The defendants did not admit any wrongdoing, and there was no factual finding of wrongdoing. Nevertheless, in a November 3, 2009 consent decree, the defendants agreed to pay $2.625 million to compensate alleged victims. On top of that, the consent decree stipulated that if there weren't enough alleged victims on which to spend the $2.625 million, then what's left "shall be distributed...to a qualified organization(s) mutually agreed upon by the United States and defendants...for the purpose of conducting fair housing enforcement or educational activities in Los Angeles County."

    Hinojosa says that in the Sterling case, $40,000 will be split between the victim fund administrator and a group called the Southern California Housing Rights Center. According to the Center's website, its goal is to promote "freedom of residence" through the use of "education, advocacy and litigation." Thus, money used to settle a lawsuit over alleged discrimination might well go to fund yet another lawsuit over alleged discrimination.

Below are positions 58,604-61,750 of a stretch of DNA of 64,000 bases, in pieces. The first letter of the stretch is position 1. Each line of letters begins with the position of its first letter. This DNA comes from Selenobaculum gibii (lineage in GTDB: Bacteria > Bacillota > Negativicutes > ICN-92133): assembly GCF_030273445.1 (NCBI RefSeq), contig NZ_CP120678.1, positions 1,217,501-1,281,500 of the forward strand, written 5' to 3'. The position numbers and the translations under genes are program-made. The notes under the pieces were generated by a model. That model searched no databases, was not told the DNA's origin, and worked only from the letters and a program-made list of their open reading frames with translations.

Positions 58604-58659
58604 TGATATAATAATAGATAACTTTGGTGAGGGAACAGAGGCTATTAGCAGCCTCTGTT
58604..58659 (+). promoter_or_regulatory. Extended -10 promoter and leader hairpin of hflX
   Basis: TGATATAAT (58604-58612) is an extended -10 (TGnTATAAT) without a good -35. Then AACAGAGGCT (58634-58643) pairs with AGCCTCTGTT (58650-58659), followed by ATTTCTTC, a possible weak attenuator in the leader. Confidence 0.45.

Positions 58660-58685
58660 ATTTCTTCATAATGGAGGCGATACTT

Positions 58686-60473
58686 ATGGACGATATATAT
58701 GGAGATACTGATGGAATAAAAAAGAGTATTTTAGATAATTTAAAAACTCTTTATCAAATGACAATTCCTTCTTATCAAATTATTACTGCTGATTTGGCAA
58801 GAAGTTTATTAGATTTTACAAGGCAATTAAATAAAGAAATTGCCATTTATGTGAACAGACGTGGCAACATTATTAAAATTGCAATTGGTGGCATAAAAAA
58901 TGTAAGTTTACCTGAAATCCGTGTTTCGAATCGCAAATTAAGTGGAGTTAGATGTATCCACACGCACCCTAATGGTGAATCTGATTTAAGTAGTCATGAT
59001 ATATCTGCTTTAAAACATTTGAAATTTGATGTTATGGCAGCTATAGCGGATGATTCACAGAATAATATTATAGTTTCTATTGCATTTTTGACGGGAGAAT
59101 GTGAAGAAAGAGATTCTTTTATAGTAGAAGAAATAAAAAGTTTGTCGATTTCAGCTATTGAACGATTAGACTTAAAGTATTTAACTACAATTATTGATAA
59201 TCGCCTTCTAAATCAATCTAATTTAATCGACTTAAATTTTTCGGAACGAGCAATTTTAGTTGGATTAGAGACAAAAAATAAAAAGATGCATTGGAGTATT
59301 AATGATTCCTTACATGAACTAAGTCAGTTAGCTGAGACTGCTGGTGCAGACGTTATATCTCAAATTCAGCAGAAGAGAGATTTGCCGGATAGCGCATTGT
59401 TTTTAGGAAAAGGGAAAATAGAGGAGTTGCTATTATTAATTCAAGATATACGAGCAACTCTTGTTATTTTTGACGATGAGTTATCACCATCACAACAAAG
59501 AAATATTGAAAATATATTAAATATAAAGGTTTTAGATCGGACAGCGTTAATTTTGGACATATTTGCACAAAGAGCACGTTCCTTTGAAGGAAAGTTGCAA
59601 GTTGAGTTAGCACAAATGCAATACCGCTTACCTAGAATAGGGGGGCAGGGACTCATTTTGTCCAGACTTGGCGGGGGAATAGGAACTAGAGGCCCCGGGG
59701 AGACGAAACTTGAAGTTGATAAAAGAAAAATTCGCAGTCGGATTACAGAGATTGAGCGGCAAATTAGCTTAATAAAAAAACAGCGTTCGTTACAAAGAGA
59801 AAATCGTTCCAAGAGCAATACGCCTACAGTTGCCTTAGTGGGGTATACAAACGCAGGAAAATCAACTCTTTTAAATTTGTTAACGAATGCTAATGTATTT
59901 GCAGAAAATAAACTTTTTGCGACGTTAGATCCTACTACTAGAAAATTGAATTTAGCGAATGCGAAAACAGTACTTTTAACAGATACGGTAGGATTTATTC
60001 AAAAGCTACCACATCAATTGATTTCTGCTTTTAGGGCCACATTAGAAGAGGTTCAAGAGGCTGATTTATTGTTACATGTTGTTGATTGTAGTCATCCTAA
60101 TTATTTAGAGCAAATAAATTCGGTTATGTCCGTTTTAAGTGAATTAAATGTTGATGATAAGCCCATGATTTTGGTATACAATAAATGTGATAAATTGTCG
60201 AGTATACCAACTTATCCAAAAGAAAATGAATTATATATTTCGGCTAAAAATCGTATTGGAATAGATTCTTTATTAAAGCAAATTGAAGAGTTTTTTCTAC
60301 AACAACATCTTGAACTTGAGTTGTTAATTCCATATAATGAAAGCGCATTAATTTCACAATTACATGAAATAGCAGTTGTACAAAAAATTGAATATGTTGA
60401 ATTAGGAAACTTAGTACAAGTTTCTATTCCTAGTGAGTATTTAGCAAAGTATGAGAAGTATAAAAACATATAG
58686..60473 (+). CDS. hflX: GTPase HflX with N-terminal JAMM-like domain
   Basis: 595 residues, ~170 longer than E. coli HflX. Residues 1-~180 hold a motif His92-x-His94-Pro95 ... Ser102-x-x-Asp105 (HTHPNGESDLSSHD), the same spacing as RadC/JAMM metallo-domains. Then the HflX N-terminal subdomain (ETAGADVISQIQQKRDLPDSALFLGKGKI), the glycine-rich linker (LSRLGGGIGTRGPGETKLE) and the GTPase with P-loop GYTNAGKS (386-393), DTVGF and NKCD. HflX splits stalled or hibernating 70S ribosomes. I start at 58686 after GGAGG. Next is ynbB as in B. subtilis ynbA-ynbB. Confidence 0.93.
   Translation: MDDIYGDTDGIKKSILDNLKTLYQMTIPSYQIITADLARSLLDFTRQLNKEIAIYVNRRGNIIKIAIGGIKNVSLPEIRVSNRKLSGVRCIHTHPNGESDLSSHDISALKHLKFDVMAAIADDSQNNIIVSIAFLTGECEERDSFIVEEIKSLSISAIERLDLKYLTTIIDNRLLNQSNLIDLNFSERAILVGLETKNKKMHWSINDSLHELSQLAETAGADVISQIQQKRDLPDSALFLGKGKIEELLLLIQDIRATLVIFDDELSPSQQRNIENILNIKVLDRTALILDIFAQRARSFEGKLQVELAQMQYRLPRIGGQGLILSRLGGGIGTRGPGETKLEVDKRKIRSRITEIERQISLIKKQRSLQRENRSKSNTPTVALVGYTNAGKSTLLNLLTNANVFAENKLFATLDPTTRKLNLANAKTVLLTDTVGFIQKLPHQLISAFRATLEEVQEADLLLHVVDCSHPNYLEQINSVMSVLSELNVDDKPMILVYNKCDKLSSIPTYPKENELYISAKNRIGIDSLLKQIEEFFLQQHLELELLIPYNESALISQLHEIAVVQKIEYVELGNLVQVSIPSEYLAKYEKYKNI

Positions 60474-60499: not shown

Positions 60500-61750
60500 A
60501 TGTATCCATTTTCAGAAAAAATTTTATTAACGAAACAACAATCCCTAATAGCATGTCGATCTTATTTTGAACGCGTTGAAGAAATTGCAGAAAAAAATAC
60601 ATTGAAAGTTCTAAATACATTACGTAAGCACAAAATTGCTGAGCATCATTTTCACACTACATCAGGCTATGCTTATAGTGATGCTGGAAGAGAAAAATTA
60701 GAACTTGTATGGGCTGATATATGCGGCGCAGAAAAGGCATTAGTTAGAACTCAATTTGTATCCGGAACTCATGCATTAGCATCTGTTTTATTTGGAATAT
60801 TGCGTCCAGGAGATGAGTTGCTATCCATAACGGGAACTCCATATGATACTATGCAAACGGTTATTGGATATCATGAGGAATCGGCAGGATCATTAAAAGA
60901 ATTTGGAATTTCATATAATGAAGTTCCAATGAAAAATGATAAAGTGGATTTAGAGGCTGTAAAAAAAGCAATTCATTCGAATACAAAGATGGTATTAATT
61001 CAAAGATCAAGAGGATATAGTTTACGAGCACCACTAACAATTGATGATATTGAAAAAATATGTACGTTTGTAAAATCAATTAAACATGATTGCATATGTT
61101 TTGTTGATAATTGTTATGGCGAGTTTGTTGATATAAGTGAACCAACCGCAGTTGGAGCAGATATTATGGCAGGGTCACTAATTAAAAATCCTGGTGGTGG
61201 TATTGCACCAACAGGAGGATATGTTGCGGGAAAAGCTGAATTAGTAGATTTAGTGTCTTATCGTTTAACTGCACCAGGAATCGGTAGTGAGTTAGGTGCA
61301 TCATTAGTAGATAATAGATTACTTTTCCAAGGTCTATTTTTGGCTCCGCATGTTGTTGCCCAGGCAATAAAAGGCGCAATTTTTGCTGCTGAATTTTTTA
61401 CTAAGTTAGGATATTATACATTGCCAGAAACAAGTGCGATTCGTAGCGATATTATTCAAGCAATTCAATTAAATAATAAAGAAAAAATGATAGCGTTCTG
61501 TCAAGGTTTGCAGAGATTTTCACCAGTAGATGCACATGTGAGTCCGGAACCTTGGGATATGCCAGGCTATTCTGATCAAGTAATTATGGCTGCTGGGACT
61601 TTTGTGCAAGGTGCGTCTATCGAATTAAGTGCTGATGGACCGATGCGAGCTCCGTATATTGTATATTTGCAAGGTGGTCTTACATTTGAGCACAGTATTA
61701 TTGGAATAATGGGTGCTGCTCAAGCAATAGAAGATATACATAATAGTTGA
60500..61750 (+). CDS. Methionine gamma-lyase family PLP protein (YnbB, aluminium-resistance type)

Sen. Charles Grassley, the ranking Republican on the Senate Finance Committee, recently learned about the new Justice Department practice and on July 8 sent a letter to Holder asking for an explanation. "While these settlements may appear reasonable on their face, I am concerned that this change in policy has the potential to divert compensation intended for victims to third party interest groups that were not wronged by the defendant," Grassley wrote. "Absent proper safeguards and internal controls, this policy change could drastically alter the way victims are compensated and could set the Department down a path where third party interest groups are compensated to a greater level than victims. Moreover, as a staunch supporter of victims' rights, I want to know what this change in policy means for individual victims and for advocacy groups that are both selected and not selected to serve as 'qualified organizations.'"